The whole world fits into a single room. It is mostly silent—a residual hum floats outside—but the most intriguing thing about the world is what is on its wall.
Perhaps the psychoanalytical ink blot wasn't invented by a university graduate, or even by an insightful three-year-old child. Perhaps it was invented by someone like you; someone who had been confined to a hospital bed long enough to examine all the flaws of the painted walls, and had been intrigued by one flaw in particular, where a small amount of paint had been chipped away. First it looked like a toppled birthday cake, but on continued inspection you can make out Britain in its shape.
You've been staring at it for hours. Maybe two. Maybe ten.
You can't quite grasp time anymore. It's left you behind, and you can't decide whether that's good or bad. You've found a fold in time's fabric you can wrap yourself up in; where for a while you relax in the ignorant bliss of not knowing.
You don't know. That's the point.
Of all your surroundings, this flaw on the wall is what you know best. Even as you hear the clinking of cutlery as a woman takes away your barely-touched tray of food, you hardly notice her presence. She's saying something to you, but with your attention centred on the flaked spot, you don't understand, or remember. All you see is this darkened spot occupying your concentration, and the lethargic idea that it now resembles a grenade is your last thought before your eyes close again, and all you see is blackness, and you remember nothing.
When your eyes open, you see that the world is different. You've been moved from your cocoon, and are in another room. A much larger one. This one has no flecked paint, but there are many more shapes for analysis in the scrap yard you can see out the window. You know the scraps are car bodies, and you know that should mean something to you, but you don't know why.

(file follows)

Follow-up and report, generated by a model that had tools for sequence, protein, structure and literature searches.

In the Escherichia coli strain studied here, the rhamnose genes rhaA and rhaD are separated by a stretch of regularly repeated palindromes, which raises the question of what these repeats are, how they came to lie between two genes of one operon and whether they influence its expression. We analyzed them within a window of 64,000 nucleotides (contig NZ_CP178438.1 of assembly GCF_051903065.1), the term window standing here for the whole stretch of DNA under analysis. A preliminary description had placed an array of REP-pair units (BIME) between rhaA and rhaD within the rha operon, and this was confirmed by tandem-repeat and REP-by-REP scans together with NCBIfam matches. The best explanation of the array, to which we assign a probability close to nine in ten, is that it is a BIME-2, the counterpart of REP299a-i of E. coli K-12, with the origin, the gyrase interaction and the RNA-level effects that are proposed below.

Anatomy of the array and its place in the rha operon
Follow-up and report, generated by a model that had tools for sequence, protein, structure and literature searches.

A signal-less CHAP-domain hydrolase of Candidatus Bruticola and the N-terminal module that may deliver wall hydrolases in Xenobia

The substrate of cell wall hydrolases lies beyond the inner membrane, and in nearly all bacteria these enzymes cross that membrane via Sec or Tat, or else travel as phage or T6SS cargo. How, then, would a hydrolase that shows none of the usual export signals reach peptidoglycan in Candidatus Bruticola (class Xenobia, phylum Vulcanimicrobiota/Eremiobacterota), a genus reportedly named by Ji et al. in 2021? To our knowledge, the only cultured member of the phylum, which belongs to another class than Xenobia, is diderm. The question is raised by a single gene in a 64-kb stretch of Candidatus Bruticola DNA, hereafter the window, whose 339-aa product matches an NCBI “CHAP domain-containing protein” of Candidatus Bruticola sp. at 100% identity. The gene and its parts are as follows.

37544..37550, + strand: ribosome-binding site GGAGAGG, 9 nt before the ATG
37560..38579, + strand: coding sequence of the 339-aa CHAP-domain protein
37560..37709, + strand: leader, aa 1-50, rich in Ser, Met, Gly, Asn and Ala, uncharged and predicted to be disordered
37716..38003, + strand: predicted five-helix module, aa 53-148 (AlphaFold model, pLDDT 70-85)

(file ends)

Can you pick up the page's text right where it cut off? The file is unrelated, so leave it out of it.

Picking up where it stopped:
People sometimes appear at your door, interrupting your blank reveries. You don't mind. They smile. They shower you. They dress you. They bring food to you. Most are your friends. Smiley friends.
All but one.
One makes you hurt, and she doesn't leave until you are crying. She's the only unpleasant thing about this world. The only thing you fear. She visits you every day, when nobody else is there.
Your dread of her is new. It's evidence you're thinking ahead; you're recognising each moment has a future. That there isn't just Now.
You don't like it. It doesn't feel safe.
You find comfort in the space of your bathroom. The confines of the shower are safe. The bar you hold is secure. The hot water is soothing, running down your back and through the holes of your chair. Pulling on the bar, you raise yourself on unsteady legs and drag a soapy flannel across your thigh.
In the next moment, you are startled into stillness. Your bathroom door has opened, and one of your smiley friends enters to wash you. When she sees you, she looks surprised, then contemplative. She quickly leaves.
You wonder why your heart is beating so strongly, and when you look down you see that you've tried to cover yourself, carelessly. As much as you could, with your hands and your flannel.
Why did you do that? This smiley friend has showered you many times and you'd felt nothing. Now, you're embarrassed. She must have known this, because she left you to wash yourself, and to wonder what just went wrong.
You fear more, now. You fear the terrible things that you see, but your smiley friends don't believe you when you warn them of the danger. They continue to smile while they insist it's not real, that it's just a dream, but you know your world is no longer safe.